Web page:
Whether you’re clinking glasses with family and friends over a turkey and pecan pie spread or simply toasting the coming season of wintertime celebrations (it’ll be here before you know it...), the month of November means it’s officially party season—ready or not. More than anything, the holidays serve as an excellent excuse to join family, friends, coworkers, and acquaintances alike over happy spirits, good food, and delicious drink, of course. Could be worse, right?
All of the office parties, your neighbor’s ugly sweater bash, family dinners at home—none of these would be complete without wine, in our humble opinion. If you’re planning to throw any type of holiday soiree, you’re going to need wine—and lots of it. (Pro-tip: If more guests show up than the amount of food you have on hand, just keep the wine flowing... Nobody will ever notice!) Keep reading for a few basic wine-serving tips that will help you ace the 2017 holiday season. Cheers!
1. Ice Ice, Baby When serving wine, it’s important to ensure that your juice is at the appropriate temperature to best highlight a varietal’s intrinsic flavors and bouquet. Serve reds between 50°F and 65°F, and whites from 45°F to 50°F. Red wine served at room temperature or warmer will suffer from muted fruit flavors and a heightened perception of alcohol. On the other hand, if you serve white wine too cold, the temperature will stifle the taste. A simple tip to follow for those who do not store their reds in a cellar or wine fridge: Try popping the bottle in your fridge for about 20-30 minutes before drinking. For whites, take them out of your fridge 20 minutes before serving to slightly warm up the wine.
2. First Things First Hey, let us be the first to say: You can drink whatever you want in whatever order you please. We’re all adults here! The reality, though, is that some best practices for optimum tastiness are simple enough to keep in mind. In short, drinking bolder wines before lighter wines runs the risk of impacting how the more delicate juice tastes. In general, and depending on the forthcoming meal (and what’s on the menu), pour your wines on a spectrum of light and dry to heavy and sweet. That means, kick things off with some bubbles before moving into dryer, lighter whites (Txacoli, Vinho Verde), then progress into medium to fuller-bodied whites or pinks (Riesling, Rosé), followed by lighter reds (Beaujolais, Pinot Noir), and medium to heavier reds (Merlot, Cabernet Sauvignon) to close out. If you’re really feeling it, you’d do well ending the meal with a late-harvest dessert wine or Port.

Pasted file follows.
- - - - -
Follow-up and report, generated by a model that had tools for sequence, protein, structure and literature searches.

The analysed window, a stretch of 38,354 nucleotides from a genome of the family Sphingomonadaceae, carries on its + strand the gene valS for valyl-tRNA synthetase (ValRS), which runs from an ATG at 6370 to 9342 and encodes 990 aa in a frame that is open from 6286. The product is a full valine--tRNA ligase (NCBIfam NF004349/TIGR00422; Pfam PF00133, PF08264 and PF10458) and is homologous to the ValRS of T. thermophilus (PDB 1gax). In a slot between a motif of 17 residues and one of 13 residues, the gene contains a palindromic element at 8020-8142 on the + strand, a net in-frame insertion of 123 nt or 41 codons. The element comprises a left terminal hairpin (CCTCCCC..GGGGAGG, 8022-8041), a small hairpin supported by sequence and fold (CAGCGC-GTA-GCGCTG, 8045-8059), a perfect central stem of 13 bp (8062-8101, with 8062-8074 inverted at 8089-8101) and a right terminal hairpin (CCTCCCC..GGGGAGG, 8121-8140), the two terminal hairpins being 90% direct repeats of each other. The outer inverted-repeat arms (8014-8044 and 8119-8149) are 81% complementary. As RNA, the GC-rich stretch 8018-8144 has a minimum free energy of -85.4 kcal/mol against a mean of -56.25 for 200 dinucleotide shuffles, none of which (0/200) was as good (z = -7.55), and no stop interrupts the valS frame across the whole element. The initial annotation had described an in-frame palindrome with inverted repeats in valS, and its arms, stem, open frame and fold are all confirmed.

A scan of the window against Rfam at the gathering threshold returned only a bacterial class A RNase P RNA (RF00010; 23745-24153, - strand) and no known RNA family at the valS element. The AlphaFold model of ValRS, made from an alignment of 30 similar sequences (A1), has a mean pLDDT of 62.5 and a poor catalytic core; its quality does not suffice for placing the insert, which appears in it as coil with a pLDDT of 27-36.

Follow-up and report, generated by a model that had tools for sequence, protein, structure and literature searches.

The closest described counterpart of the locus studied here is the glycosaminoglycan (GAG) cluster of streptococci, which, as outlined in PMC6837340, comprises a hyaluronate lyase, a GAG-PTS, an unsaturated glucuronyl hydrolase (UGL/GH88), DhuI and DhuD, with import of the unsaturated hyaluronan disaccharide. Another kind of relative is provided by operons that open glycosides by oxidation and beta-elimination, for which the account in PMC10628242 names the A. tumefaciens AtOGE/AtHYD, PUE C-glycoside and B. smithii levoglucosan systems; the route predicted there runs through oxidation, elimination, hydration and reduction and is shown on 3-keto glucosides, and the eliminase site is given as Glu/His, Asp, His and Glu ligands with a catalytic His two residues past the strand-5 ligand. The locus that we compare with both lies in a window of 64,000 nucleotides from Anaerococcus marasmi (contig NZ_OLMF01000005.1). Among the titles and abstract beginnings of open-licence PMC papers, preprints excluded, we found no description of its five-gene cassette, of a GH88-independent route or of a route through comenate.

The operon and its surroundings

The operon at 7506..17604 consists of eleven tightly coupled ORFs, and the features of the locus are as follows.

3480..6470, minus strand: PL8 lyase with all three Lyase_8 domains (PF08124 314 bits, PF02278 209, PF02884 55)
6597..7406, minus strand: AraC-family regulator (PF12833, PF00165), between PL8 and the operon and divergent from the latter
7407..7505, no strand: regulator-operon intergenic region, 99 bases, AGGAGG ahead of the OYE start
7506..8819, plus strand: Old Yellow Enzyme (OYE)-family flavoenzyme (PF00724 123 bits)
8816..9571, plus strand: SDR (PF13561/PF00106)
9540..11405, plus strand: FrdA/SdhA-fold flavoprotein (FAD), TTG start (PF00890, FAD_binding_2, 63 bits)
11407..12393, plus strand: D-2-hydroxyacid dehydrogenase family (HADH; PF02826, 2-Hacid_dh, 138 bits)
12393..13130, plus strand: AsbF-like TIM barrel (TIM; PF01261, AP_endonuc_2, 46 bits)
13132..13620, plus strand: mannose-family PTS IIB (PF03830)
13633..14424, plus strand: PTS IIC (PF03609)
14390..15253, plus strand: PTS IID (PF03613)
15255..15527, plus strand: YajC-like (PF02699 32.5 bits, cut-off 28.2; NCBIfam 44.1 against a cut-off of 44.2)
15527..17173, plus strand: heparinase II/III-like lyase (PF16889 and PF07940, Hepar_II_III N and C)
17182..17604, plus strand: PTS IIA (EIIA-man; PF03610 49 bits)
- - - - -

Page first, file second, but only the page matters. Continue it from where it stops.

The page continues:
3. Ace the Pairing You know you’ve nailed a food and wine pairing if the wine makes the food taste better, and the food makes the wine taste better. Ah, that’s the really good stuff. When deciding which partners to match up, consider overall flavor, acidity, fat, and sweetness. For example, if you’re serving a delicate protein such a white fish, you’ll want a delicate wine, probably a white, that won’t overpower the fish’s subtle taste. If you’re serving steak, a fuller-bodied red wine will stand up to the meat’s complexity. Fatty or oily foods, such as potato chips, jive nicely with a high-acid wine, like sparkling wine, which helps cleanse the palate and cut through a crunchy chip’s richness. When it comes to dessert, consider a wine with acidity to balance out a dish’s sweetness.